How I Taste

How I write my notes
When I put tasting notes on the blog, they are merely my first impressions of the wines. They are generally pretty short and sweet, very rarely do I go into a lot of detail and generally they may be for particularly special wines (e.g. old wines, rare wines), or if it is in a blind tasting.
If I list the vintage before the name of the wine, this means it is not a “finished” wine (i.e. it isn’t yet in bottle). Typically the first sentence of my tasting note is dedicated to aromas, and the second sentence is for the palate. I don’t often talk about the appearance of the wine, unless it is unusual (e.g. older, skin-contact white wine).

Why I don’t score wines
My impressions are merely my own, and are not necessarily reflective of the general quality of the wine. In my opinion it is impossible to be completely objective in assessing wine quality, as experience and preference will always play a part in someones opinion. Context also plays a huge part in your appreciation of a wine, and wines were not meant to be merely tasted and judged, they were meant to be shared and enjoyed with food. I do give wines a score out of five stars on Vivino, but such is the nature of the app, and my tasting note in some way is a reflection of my rating.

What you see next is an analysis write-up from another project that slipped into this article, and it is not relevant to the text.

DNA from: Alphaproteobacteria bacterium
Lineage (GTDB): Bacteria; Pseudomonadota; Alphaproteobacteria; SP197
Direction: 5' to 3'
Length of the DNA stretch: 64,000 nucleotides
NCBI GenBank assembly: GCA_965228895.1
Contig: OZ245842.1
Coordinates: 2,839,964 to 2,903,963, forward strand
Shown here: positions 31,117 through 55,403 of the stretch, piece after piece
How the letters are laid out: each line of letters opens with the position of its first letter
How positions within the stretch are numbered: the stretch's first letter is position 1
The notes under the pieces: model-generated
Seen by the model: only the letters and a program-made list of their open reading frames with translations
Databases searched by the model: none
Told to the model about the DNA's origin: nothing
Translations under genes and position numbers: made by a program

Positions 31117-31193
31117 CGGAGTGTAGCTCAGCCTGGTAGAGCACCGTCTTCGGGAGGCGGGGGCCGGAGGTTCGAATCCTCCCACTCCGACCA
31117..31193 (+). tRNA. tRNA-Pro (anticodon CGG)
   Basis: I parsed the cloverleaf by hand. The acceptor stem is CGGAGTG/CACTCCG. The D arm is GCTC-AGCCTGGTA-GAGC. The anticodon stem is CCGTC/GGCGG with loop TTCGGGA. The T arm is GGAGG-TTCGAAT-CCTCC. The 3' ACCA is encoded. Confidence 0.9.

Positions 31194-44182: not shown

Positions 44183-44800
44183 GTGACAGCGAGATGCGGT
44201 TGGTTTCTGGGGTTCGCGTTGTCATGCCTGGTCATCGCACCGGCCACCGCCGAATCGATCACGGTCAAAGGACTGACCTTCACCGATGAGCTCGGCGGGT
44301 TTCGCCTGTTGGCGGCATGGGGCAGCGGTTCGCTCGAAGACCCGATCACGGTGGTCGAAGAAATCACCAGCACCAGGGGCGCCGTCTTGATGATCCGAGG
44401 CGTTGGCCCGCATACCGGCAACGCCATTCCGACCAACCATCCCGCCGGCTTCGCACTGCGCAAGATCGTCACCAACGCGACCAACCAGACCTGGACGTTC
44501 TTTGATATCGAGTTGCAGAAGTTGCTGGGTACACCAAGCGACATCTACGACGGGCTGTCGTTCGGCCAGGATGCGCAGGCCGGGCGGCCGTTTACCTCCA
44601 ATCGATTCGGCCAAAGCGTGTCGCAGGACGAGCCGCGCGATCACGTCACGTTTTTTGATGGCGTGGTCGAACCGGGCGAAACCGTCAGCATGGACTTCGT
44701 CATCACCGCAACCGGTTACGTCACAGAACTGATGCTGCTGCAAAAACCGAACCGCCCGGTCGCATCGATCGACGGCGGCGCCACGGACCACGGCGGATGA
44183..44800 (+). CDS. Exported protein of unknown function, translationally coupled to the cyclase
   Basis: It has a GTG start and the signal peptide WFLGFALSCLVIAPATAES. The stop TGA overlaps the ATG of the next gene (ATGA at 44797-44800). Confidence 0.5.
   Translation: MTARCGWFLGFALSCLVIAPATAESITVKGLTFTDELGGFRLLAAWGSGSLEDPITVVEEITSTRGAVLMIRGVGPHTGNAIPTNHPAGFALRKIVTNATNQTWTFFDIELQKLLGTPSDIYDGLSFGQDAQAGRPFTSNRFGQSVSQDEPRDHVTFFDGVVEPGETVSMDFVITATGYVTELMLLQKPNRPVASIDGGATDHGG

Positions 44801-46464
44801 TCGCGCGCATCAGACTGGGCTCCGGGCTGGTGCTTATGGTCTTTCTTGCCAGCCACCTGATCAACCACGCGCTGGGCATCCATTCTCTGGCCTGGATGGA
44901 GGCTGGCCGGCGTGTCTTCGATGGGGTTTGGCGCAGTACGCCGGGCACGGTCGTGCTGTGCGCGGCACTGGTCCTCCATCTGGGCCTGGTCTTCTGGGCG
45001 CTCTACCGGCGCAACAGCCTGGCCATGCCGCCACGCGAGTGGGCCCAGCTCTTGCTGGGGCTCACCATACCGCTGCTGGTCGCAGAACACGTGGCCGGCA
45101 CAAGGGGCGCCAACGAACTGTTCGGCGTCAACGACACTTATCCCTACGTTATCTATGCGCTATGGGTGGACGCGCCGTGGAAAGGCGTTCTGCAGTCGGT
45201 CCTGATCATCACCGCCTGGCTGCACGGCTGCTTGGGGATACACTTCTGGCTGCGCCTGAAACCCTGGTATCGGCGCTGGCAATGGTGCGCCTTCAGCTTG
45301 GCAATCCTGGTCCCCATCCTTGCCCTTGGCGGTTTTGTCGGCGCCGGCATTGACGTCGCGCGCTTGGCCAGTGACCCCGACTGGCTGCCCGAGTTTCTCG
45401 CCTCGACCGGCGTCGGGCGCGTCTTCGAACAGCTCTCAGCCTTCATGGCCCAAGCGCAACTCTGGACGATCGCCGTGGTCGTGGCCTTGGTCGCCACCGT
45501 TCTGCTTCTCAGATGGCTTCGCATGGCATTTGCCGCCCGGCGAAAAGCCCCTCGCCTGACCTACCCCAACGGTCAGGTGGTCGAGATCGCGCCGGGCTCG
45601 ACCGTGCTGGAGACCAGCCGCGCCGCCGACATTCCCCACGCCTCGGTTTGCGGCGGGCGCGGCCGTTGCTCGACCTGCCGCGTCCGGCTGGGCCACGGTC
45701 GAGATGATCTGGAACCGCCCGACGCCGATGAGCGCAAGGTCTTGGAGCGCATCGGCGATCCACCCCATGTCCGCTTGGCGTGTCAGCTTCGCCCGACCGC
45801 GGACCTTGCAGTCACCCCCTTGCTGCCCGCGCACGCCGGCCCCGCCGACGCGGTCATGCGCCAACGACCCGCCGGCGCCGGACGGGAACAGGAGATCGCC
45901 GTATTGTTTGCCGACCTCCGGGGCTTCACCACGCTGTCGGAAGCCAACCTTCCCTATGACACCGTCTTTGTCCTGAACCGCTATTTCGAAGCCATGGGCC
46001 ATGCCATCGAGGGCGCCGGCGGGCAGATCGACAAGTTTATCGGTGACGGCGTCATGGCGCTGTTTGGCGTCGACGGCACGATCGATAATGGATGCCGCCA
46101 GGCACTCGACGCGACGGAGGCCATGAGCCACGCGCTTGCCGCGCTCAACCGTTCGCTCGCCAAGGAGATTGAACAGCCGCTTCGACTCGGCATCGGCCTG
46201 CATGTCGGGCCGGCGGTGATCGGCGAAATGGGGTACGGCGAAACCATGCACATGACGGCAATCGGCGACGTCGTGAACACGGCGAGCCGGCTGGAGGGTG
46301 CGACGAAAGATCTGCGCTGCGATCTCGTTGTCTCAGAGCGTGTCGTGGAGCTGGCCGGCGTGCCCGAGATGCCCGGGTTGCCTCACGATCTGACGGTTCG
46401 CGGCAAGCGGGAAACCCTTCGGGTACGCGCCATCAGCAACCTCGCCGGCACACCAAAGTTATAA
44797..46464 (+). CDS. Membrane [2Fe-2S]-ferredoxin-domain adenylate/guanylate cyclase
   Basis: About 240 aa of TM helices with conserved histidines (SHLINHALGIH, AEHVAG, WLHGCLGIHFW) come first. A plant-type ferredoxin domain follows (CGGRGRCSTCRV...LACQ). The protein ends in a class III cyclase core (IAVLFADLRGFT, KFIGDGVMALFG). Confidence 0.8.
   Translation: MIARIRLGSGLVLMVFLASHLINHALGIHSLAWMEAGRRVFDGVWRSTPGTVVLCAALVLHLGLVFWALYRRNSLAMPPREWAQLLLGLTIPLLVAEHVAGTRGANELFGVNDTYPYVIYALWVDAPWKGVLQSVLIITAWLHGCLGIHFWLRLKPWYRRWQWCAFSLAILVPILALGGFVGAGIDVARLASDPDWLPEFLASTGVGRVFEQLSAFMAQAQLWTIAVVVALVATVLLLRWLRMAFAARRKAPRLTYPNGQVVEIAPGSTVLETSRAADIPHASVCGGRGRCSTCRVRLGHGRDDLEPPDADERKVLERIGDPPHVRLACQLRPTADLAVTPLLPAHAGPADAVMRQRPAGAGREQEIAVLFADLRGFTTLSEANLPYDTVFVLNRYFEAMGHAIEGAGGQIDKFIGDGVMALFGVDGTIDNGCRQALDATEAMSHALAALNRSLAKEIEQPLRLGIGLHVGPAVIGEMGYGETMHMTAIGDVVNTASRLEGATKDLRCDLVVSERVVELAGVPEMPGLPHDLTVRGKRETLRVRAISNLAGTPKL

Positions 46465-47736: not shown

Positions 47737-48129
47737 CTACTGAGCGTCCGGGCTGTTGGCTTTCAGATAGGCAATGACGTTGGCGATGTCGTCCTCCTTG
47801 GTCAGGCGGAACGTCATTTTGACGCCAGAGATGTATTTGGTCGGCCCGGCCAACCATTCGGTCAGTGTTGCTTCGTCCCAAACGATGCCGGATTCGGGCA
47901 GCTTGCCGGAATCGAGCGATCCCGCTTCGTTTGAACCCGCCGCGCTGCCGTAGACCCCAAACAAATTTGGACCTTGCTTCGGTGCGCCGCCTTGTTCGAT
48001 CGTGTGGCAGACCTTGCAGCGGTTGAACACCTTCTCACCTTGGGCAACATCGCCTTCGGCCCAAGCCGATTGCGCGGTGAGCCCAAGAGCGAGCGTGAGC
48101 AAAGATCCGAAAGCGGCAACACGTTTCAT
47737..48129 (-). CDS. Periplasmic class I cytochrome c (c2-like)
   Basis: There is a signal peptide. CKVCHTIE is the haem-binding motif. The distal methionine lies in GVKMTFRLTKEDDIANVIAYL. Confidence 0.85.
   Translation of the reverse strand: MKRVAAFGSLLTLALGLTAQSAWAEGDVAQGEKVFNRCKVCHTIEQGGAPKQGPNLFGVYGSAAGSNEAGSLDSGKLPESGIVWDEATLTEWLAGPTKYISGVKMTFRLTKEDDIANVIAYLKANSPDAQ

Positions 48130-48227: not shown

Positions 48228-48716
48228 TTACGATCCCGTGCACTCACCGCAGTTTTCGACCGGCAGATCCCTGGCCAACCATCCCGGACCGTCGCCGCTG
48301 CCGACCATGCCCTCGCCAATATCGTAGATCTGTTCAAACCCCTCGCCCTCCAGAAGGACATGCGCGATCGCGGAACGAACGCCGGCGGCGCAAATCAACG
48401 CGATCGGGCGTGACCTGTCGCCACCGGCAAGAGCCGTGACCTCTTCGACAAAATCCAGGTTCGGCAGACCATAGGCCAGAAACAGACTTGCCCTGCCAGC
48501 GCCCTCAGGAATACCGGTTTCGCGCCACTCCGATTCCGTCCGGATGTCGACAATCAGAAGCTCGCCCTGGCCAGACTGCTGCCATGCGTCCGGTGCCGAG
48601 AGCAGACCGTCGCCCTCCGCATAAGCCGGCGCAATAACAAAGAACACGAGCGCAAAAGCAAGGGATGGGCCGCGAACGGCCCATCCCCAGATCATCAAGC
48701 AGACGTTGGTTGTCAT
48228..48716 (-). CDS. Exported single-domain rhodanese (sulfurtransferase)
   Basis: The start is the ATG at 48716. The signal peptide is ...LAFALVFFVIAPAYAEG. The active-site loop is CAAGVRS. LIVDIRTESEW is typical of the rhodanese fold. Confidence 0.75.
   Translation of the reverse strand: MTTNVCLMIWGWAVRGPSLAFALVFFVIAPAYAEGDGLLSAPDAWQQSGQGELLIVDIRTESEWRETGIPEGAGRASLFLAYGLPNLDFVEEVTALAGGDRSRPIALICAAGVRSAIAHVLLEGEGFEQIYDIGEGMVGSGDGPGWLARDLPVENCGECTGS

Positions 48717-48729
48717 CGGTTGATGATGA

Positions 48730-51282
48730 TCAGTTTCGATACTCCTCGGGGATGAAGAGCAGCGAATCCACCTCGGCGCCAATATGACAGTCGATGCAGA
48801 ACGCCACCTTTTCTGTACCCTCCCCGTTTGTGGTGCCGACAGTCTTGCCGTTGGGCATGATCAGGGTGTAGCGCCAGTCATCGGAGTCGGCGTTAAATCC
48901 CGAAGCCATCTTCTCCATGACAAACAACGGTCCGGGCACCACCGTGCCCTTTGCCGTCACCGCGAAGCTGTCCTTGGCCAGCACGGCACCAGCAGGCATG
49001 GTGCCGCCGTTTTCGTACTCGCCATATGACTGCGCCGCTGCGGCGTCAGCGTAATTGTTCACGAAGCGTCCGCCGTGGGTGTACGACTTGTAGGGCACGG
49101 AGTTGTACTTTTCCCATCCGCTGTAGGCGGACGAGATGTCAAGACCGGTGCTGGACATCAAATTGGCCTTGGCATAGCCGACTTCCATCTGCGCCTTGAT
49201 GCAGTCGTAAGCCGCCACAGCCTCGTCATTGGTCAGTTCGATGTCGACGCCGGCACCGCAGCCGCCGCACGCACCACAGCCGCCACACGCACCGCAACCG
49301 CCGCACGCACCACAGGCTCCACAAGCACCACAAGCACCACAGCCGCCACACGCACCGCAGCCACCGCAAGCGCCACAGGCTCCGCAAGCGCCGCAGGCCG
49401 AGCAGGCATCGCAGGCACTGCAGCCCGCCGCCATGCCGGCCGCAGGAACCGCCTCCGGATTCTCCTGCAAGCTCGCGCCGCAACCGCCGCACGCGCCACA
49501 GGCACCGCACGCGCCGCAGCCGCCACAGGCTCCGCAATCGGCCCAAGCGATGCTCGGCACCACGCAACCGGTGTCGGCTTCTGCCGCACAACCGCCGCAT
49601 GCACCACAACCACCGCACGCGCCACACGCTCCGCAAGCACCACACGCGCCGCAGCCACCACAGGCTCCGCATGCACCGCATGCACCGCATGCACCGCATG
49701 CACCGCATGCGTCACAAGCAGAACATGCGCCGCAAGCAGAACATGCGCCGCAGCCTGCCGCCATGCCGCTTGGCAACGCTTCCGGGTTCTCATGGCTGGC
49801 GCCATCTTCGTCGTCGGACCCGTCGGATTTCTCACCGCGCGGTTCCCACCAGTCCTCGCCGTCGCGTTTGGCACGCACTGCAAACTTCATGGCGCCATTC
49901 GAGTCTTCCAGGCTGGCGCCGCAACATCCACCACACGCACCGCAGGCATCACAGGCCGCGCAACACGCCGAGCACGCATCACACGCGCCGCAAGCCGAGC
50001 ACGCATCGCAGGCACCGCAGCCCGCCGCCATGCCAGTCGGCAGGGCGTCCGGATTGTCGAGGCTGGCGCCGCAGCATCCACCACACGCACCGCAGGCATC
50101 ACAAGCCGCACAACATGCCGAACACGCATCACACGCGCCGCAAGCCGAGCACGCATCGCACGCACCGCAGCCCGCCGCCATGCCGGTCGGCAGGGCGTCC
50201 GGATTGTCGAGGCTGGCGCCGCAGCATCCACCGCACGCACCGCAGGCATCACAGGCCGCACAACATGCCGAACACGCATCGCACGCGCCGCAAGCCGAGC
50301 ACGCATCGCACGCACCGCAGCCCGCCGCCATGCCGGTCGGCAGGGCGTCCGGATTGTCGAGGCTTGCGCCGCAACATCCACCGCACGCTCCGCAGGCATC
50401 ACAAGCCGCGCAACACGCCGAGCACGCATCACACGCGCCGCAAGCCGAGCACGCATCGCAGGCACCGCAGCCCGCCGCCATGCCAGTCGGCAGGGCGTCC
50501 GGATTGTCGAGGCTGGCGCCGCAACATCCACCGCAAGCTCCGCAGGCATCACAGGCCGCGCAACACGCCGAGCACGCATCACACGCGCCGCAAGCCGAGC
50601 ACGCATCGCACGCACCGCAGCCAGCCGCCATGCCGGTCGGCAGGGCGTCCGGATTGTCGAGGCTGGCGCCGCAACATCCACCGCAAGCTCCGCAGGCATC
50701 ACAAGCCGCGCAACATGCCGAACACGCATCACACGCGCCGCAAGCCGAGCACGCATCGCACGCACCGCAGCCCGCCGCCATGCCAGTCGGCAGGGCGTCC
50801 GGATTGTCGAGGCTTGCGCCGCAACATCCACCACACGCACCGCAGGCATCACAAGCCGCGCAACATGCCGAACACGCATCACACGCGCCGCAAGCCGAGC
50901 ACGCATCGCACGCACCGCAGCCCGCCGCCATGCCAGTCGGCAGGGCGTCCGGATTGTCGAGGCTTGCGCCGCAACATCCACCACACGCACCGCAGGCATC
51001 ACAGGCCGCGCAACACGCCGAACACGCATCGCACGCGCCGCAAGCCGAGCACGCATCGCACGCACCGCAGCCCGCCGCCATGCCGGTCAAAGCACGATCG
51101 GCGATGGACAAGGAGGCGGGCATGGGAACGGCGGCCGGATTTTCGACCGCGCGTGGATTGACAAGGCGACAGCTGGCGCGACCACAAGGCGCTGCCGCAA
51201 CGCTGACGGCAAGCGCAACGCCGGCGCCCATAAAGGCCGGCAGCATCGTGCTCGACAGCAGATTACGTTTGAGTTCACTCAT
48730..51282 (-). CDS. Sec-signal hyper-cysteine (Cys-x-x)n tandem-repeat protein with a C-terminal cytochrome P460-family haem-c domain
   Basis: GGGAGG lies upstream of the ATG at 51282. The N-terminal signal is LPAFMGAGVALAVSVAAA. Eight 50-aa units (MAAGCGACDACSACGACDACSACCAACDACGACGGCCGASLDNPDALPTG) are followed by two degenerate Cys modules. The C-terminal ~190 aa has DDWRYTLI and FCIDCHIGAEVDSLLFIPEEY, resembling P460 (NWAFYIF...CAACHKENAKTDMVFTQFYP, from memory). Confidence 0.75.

When I post tasting notes
Any tasting notes listed on the blog are from a single winery or a special event/tasting. Typically the notes are merely in support of a winery visit entry on the blog. If you would like to find single bottle notes you can find me on Vivino where I am a featured user.

Samples
If you would like to send me samples, I’ll be happy to taste them on my YouTube channel as a Let’s Taste with The Intrepid Wino episode. You are welcome to send individual bottles or a range of wines. Please email me to get delivery details.

James Scarcebrook (otherwise known as The Intrepid Wino)

James Scarcebrook (otherwise known as The Intrepid Wino)

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